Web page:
The U.S. Air Force has established a new, directed energy wargame to be held at least twice yearly to evaluate directed energy technologies under a variety of possible future conflict scenarios.

The Air Force Research Laboratory (AFRL) Directed Energy Directorate said Jan. 28 that it recently held the Directed Energy Utility Concept Experiment (DEUCE) at Kirtland AFB, N.M.–a simulation in which F-16 pilots, F-15E weapons systems officers, and an Airborne Warning and Control System (AWACS) air battle manager particpated.

Teresa LeGalley, AFRL’s Directed Energy wargaming and simulation lead, said in a statement that the wargame “exposed our visiting warfighters to airborne laser weapon systems and how they might be used to counter threats to accomplish air base air defense and platform protect missions.”

“We engaged the warfighters in several battlefield scenarios,” she said. “They gave us some excellent assessments, identifying where there is potential military utility of directed energy weapons.”

Air Force Capt. Scott Seidenberger of the 552nd Air Control Wing at Tinker AFB, Okla., was the DEUCE Air Battle Manager in the recent exercise and said that the wargame gave operators the opportunity “to test advanced capabilities to meet the high-end threats we face today.”

The Air Force has been conducting operational testing in Africa of the Tactical High-Power Microwave Operational Responder (THOR) electromagnetic weapon to protect air bases by disabling drones or swarms of drones (Defense Daily, Dec. 17).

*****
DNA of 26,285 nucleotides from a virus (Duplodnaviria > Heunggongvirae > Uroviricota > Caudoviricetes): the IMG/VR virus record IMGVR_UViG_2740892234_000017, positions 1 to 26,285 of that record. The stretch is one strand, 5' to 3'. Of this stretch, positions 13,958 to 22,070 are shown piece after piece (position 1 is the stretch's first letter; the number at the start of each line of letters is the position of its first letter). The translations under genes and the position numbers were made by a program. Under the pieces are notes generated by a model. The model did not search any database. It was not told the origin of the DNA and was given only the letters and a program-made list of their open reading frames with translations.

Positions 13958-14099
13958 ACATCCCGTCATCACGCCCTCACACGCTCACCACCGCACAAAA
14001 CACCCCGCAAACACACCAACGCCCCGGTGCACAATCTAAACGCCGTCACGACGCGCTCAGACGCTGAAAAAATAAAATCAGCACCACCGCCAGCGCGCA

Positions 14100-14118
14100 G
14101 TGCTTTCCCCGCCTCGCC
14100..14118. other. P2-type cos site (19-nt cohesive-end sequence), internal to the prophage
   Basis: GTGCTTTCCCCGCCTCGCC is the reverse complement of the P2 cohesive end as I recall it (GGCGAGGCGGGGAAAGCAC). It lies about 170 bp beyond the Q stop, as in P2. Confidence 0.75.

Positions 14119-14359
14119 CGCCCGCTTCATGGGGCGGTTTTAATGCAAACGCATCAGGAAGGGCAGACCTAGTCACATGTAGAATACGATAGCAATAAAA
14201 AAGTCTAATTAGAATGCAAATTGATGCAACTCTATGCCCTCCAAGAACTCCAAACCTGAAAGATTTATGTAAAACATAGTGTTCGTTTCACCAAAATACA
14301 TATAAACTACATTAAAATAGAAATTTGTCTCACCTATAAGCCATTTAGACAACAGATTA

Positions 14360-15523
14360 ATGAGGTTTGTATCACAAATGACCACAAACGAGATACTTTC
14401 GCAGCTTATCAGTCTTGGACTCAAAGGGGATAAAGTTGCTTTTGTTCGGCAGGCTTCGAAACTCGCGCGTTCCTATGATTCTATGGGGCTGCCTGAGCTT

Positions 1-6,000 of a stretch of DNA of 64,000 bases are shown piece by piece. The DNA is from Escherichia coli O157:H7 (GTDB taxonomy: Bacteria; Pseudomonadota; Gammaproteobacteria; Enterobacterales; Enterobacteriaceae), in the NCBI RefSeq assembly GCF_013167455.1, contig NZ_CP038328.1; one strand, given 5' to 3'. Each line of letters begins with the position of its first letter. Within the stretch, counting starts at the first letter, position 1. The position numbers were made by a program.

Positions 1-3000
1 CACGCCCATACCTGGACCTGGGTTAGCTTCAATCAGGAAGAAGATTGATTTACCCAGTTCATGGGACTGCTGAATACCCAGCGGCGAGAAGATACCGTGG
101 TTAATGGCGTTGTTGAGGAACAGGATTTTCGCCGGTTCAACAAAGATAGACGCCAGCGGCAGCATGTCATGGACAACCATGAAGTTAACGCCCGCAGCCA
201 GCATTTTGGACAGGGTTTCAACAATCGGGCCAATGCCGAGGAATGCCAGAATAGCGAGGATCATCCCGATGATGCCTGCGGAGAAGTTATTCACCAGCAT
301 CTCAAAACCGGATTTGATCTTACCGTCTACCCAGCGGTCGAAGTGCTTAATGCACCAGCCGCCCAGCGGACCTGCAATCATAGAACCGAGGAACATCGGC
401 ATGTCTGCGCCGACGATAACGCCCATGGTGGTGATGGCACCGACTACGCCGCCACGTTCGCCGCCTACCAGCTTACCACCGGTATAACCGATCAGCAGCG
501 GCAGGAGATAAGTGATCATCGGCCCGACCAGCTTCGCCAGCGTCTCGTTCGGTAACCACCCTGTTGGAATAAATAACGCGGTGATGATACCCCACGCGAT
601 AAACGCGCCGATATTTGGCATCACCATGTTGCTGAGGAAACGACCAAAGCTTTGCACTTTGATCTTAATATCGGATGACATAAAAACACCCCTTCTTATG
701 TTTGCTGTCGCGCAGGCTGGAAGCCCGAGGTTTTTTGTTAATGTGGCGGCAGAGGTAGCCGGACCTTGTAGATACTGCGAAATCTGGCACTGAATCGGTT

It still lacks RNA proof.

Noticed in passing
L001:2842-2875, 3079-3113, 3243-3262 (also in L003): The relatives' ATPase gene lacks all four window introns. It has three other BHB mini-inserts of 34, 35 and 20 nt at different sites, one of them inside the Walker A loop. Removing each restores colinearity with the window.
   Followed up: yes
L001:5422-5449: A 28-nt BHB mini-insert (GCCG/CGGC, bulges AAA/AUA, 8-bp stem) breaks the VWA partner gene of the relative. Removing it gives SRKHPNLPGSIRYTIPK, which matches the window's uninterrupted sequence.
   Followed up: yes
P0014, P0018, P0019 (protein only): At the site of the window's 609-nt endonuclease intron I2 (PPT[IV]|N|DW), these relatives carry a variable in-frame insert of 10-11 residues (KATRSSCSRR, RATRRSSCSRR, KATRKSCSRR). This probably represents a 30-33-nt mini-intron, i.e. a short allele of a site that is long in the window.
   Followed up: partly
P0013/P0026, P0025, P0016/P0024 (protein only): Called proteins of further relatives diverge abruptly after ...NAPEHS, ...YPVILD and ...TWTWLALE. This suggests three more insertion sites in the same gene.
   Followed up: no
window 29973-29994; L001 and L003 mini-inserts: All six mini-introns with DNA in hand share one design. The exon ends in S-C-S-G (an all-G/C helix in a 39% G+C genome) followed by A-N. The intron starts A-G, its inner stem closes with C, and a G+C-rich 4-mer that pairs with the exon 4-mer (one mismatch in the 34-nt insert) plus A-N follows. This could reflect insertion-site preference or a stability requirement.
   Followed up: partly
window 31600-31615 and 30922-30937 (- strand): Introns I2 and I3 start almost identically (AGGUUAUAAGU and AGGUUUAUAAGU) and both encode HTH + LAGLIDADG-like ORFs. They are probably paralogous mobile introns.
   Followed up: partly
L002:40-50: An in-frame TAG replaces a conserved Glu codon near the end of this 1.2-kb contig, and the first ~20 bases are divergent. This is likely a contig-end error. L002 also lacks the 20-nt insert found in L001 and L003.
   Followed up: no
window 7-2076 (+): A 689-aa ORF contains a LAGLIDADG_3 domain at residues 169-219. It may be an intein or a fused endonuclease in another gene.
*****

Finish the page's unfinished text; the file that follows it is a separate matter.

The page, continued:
An AFRL Directed Energy Directorate team, including BAE Systems and Albuquerque-based Verus Research, developed THOR. Last November, Black Sage said that it had received an Air Force contract to provide a radar system for THOR to provide targeting data for the system.

In April last year, the Air Force said that it had begun an overseas field assessment of a directed energy system for base defense and that it had five systems under consideration for fielding, including THOR, the Raytheon [RTX] High Energy Laser (HELWS), and the Raytheon High Power Microwave (PHASER). The service did not specify what the other two systems are.

Last month, Richard Joseph, the Air Force’s chief scientist, said that THOR is “better than anything else we have right now” for base defense against drones and called THOR’s performance “quite impressive.”